Feeds

War, Web 2.0 and the Fail Loop

From Hezbollah to Twitter

5 things you didn’t know about cloud backup

Network-centric warfare

Take the American and Israeli militaries, which since the late 1990's have been seduced by successive iterations of the cybernetic conceit of "network-centric warfare".

The idea, rooted directly in cybernetic principles, was that tying together all the different nodes in the military's network in a single information loop would give troops the clearest possible picture of the battlefield, allowing everyone to act in concert and making the enemy's communications seem primitive in comparison. The plan was nothing less than to eliminate "the fog of war", and to replace it with "complete situational awareness" – to make sure everyone knew what everyone else was doing and what was going on all of the time.

Only, it didn't quite work out as planned.

The IDF's attempts to co-ordinate human activity via a high-tech electronic information loop can help to explain why, when asked to stage a full-scale military operation during the Israeli-Hezbollah conflict of 2006, they failed rather spectacularly.

In July 2006, after Hezbollah fighters seized two Israeli soldiers and stole them back across the border into Lebanon, the IDF invaded Southern Lebanon. The invasion, however, did not progress as they had expected. For a start, the Israeli Army seems to have become so convinced of its own military and technological superiority that it didn't think it would have to fight any "real" wars anymore. The IDF, as a result, relied too heavily on its air force to wipe out South Lebanon's infrastructure – its telecommunications networks, for example - in the vain hope that Hezbollah's guerrillas would simply cave in.

IDF soldiers went into battle armed with high-tech communications; many were also allowed to hang on to their mobile phones. During the ensuing ground war, "small but smart" mobile units of Israeli soldiers, which were supposed to use high-tech communications systems to "swarm" around the enemy, seemed unsure of what their aims were and where they were headed.

In the official inquests into the war which followed the five-week invasion, military officials blamed the complicated operational jargon of one of its think-tanks, the OTRI, whose staff had been greatly influenced by cybernetics and network-centric warfare. During a meeting of the heads of Israeli military intelligence just prior to the incursion into Lebanon, for example, there were complaints that the army had stopped relying on Hebrew for its operational instructions, and that the dominant language was now "gibberish".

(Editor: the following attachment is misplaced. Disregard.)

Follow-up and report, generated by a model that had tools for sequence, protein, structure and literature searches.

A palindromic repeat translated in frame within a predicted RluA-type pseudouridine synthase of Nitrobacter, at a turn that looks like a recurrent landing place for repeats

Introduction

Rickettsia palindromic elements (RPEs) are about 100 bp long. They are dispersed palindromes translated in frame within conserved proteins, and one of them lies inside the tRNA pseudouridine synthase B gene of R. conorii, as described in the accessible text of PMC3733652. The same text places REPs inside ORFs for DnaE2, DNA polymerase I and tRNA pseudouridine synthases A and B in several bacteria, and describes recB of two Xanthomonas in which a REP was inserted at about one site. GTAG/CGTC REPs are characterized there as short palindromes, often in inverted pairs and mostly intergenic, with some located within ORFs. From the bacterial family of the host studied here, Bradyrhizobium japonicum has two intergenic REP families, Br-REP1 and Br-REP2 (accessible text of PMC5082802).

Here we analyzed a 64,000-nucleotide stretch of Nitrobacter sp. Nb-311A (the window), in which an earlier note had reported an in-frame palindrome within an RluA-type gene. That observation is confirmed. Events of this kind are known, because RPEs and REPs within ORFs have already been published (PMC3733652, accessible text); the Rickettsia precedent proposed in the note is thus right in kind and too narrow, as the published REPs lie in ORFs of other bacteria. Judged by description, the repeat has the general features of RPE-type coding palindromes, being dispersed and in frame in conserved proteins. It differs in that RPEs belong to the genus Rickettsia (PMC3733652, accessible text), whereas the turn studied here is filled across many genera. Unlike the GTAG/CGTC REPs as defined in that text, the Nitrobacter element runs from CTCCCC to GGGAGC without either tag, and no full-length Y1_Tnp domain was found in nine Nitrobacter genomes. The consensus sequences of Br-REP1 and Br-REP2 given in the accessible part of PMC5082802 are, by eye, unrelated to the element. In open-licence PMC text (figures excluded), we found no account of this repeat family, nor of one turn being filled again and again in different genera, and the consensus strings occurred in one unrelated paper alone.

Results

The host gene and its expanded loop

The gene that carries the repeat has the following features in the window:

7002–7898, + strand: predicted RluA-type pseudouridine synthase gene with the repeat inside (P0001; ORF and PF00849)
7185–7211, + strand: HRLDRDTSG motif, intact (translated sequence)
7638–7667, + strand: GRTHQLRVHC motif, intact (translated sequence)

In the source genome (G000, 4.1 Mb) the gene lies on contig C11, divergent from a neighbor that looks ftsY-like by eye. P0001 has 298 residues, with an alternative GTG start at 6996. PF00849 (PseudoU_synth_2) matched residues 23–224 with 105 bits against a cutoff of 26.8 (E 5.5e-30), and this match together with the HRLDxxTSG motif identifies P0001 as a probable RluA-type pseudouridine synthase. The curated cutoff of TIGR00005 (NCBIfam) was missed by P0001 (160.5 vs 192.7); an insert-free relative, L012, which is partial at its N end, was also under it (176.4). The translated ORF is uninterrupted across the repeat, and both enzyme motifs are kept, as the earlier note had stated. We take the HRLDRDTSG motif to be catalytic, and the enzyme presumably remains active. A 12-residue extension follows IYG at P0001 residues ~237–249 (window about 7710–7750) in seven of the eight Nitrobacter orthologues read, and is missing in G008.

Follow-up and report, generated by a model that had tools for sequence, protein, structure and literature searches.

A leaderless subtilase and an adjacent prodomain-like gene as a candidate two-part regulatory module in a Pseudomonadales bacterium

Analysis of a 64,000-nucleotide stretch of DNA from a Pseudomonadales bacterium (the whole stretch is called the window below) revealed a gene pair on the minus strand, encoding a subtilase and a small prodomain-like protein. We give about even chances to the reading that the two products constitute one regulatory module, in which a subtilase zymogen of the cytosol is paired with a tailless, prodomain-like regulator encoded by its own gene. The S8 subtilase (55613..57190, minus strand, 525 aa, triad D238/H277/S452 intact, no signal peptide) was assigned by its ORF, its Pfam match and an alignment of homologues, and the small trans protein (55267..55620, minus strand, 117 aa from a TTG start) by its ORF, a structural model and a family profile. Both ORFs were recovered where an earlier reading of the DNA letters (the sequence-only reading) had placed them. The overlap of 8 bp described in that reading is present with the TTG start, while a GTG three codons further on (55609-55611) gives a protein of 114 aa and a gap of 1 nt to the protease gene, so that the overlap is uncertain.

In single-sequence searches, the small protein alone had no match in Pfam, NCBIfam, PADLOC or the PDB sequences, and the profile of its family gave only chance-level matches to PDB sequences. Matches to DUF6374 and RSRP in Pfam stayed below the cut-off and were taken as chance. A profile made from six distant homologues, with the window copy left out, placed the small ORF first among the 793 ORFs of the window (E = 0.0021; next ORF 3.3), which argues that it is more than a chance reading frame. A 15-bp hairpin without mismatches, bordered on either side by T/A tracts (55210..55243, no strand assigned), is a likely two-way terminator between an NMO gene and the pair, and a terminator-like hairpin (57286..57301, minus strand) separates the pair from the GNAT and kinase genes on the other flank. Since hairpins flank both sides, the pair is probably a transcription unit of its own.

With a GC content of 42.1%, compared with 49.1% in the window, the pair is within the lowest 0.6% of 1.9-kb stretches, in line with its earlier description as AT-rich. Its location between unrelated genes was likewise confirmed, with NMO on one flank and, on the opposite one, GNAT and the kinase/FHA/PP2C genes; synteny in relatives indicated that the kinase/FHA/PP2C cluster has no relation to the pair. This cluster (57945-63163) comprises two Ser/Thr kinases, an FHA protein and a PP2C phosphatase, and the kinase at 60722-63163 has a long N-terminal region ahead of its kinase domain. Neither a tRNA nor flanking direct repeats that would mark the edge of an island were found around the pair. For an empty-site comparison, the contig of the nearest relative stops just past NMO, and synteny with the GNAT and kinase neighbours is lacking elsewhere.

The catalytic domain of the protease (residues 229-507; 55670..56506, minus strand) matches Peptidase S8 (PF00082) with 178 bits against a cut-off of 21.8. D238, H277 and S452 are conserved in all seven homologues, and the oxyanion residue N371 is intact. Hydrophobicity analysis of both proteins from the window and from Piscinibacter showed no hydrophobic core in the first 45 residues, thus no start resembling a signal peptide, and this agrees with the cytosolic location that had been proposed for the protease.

But what do we know about the other side?

Secure remote control for conventional and virtual desktops

More from The Register

next story
6 Obvious Reasons Why Facebook Will Ban This Article (Thank God)
Clampdown on clickbait ... and El Reg is OK with this
No, thank you. I will not code for the Caliphate
Some assignments, even the Bongster decline must
Kaspersky backpedals on 'done nothing wrong, nothing to fear' blather
Founder (and internet passport fan) now says privacy is precious
TROLL SLAYER Google grabs $1.3 MEEELLION in patent counter-suit
Chocolate Factory hits back at firm for suing customers
Mozilla's 'Tiles' ads debut in new Firefox nightlies
You can try turning them off and on again
Facebook, Google and Instagram 'worse than drugs' says Miley Cyrus
Italian boffins agree with popette's theory that haters are the real wrecking balls
Sit tight, fanbois. Apple's '$400' wearable release slips into early 2015
Sources: time to put in plenty of clock-watching for' iWatch
Facebook to let stalkers unearth buried posts with mobe search
Prepare to HAUNT your pal's back catalogue
prev story

Whitepapers

Endpoint data privacy in the cloud is easier than you think
Innovations in encryption and storage resolve issues of data privacy and key requirements for companies to look for in a solution.
Implementing global e-invoicing with guaranteed legal certainty
Explaining the role local tax compliance plays in successful supply chain management and e-business and how leading global brands are addressing this.
Advanced data protection for your virtualized environments
Find a natural fit for optimizing protection for the often resource-constrained data protection process found in virtual environments.
Boost IT visibility and business value
How building a great service catalog relieves pressure points and demonstrates the value of IT service management.
Next gen security for virtualised datacentres
Legacy security solutions are inefficient due to the architectural differences between physical and virtual environments.